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Cultural Competence

Cultural Competence. Britt Andreatta, Ph.D. Context. Leaders have a responsibility for solving societal problems. Leaders are held to ethical standards. Leaders words and actions are never “ off the record. ” You are today ’ s leaders. Your actions impact the future.

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Cultural Competence

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  1. Cultural Competence Britt Andreatta, Ph.D.

  2. Context • Leaders have a responsibility for solving societal problems. • Leaders are held to ethical standards. • Leaders words and actions are never “off the record.” • You are today’s leaders. • Your actions impact the future.

  3. Current Global Society • Globalization • Multicultural work environments • International and multicultural markets • Emigration • Immigration

  4. Culture Defined • = learned beliefs, values, rules, norms, symbols, and traditions that are common to a group of people. • Can be racial, ethnic, regional, sexual orientation, spiritual, occupational, etc. • Culture shapes many things – relation to time, personal space, celebrations, language, gender roles, power, etc. • Everyone is invested in their culture to varying degrees so wide range of diversity within a group (use knowledge with caution).

  5. Cultural Competence Defined • = awareness of how various aspects of culture shape a person’s or group’s experiences, attitudes, values and behaviors. • Differences between: • awareness of • sensitivity to • understanding of

  6. Role of Your Culture • Your cultures are part of the equation… always. • Intent vs. impact • Common sources of cultural conflict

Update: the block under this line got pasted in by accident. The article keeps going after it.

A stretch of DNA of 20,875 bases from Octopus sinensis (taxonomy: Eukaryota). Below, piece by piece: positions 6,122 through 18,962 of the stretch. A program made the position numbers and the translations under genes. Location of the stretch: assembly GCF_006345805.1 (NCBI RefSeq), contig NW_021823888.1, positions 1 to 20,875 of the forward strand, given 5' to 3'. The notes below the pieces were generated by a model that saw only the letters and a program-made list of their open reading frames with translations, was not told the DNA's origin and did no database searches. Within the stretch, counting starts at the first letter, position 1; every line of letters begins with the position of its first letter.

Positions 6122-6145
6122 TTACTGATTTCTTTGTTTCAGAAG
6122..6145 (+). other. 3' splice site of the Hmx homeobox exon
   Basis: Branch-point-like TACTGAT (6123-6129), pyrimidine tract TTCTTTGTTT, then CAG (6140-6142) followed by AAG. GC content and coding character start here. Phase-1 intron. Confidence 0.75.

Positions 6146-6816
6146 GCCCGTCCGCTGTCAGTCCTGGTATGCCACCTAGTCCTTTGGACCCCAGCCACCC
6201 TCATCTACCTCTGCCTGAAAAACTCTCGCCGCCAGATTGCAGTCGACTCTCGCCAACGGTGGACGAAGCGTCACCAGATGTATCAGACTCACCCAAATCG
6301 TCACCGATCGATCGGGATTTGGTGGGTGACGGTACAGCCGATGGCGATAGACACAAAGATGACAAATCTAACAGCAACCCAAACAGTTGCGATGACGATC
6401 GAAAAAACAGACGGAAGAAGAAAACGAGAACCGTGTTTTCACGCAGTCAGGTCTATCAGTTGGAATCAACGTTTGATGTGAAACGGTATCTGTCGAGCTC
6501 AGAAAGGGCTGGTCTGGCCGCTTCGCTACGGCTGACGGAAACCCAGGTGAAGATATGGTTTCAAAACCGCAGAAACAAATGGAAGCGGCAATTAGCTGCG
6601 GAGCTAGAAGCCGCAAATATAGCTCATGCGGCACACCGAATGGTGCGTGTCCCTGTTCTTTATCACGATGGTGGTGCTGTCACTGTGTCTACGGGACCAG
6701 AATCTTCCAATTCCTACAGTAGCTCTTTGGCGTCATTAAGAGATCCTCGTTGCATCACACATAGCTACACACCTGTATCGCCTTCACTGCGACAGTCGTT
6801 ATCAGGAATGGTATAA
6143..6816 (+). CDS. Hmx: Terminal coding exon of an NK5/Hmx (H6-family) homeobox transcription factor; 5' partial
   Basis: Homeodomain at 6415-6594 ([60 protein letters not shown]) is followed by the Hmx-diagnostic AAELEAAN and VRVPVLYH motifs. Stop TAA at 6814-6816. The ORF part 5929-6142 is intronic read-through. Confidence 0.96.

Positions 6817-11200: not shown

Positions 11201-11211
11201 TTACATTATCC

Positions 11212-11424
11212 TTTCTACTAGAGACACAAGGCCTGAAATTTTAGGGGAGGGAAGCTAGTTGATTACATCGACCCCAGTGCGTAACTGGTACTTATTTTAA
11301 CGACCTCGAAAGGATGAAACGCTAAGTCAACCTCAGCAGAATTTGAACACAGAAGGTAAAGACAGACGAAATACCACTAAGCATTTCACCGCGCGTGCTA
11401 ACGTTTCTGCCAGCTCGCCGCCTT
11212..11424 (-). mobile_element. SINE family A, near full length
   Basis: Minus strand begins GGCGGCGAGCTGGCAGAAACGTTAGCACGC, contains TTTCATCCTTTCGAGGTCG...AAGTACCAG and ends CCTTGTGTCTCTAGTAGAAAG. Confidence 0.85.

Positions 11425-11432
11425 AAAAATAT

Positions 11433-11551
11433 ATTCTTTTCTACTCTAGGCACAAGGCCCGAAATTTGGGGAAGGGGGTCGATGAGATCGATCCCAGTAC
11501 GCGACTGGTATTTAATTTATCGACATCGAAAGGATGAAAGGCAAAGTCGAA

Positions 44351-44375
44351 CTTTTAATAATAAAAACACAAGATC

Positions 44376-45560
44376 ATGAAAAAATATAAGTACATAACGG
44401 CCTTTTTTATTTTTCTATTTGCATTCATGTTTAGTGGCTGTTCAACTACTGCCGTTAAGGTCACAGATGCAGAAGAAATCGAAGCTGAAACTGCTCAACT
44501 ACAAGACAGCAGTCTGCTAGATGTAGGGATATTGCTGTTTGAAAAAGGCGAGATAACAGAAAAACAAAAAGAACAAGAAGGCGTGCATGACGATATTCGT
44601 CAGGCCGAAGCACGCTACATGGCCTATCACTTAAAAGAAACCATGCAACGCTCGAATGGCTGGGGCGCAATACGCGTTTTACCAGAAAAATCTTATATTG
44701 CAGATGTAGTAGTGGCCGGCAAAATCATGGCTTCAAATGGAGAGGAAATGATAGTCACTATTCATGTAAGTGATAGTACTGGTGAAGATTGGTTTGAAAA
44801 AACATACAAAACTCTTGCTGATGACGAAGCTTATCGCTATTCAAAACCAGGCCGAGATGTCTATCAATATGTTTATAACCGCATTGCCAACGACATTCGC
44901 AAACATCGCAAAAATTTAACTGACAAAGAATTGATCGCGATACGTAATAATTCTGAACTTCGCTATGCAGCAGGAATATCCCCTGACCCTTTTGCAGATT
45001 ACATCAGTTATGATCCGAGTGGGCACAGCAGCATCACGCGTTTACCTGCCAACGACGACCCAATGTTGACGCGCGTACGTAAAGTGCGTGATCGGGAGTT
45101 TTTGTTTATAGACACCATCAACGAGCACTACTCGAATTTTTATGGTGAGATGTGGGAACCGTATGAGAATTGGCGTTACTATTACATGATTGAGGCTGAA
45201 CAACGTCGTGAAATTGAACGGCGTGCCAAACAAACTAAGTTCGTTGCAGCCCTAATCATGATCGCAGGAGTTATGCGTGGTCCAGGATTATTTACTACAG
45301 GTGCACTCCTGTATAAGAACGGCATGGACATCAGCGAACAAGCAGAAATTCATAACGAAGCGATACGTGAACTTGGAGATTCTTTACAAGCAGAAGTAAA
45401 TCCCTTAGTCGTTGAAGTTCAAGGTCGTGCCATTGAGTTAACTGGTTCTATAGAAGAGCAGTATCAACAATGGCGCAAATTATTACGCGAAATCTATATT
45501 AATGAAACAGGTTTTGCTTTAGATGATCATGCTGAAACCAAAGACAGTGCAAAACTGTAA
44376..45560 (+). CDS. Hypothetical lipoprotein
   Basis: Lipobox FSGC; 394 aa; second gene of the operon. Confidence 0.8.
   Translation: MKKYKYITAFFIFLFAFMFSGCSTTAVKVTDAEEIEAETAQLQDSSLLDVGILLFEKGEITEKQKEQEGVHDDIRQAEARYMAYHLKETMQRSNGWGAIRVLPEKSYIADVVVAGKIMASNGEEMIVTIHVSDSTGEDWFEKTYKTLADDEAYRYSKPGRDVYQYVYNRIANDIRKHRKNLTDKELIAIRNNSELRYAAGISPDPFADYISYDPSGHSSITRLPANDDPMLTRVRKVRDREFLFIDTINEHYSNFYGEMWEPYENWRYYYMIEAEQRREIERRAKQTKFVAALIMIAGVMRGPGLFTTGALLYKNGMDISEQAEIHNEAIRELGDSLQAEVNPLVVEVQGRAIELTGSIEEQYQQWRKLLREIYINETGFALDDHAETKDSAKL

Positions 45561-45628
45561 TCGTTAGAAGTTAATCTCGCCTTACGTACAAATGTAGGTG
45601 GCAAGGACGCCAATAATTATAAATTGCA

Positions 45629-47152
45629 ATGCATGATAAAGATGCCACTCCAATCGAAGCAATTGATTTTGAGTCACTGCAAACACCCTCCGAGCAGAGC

7. Context of United States • Within US, cultural competence requires awareness of national history and experiences of minorities. • National history that marginalized all people of color (Native Americans, African Americans, Chican@/Latin@s, Asian American/Pacific Islanders, Middle Eastern/Muslim Americans), as well as women, the poor, the LGBT community, non-Christians, etc.

  8. Values and Beliefs • History, personal experiences, and media have shaped beliefs and values of all ethnic groups in US in different ways

  9. Dynamics of Oppression Model

  10. Privileged and Oppressed Groups in US

  11. The Five Faces of Oppression • Exploitation = transfer of the labor of one social group to benefit another; creates a structural relation between the “have-nots” and “haves.” • Marginalization = a whole category of people is expelled from useful participation in the system of labor, thus subjected to severe material deprivation.

  12. The Five Faces of Oppression • Powerlessness = denial of privileges that professionalism carries; lack of authority and autonomy, and thus, the confidence and sense of self. • Cultural imperialism = how the dominant group renders another social group’s perspective and experience as invisible; dominant group’s experience is made the norm through products, events and societal elements.

  13. The Five Faces of Oppression • Violence = social groups are regularly targeted for random, unprovoked attacks on their persons or property, which have no motive but to damage, humiliate, or destroy the person. The social context surrounding these attacks makes them possible and even acceptable – not just the act by the individual who does harm but by the many who do not react.

  14. Action Continuum

  15. Great book onthese issues! By Allan Johnson(2nd edition)

  16. 8 Forms of Denial and Resistance People with privilege (e.g., men, whites, Christian, middle/upper class, heterosexual, educated, etc.) tend to engage in these behaviors to “get off the hook” of taking responsibility: • Denying that oppression exists • Minimizing oppression as not a problem • Blaming the victim

  17. 8 Forms of Denial and Resistance • Calling it something else • Justifying the status quo • Focusing on intent and ignoring impact • Distancing self from group (e.g., “I’m a good man/White person/Christian”) • Being “sick and tired” of talking about it

  18. Action Plan – What YOU Can Do: • Acknowledge that privilege and oppression exist. • Pay attention. Learn – read books, watch movies, attend campus events. • Listen, attentively, and believe. • Take risks and do something… • Make noise and be seen.

  19. Action Plan – What YOU Can Do: • Make people uncomfortable, starting with yourself. • Withdraw support by interrupting the usual flow. • Openly choose and model other ways of being. • Actively promote change in organizations and systems.

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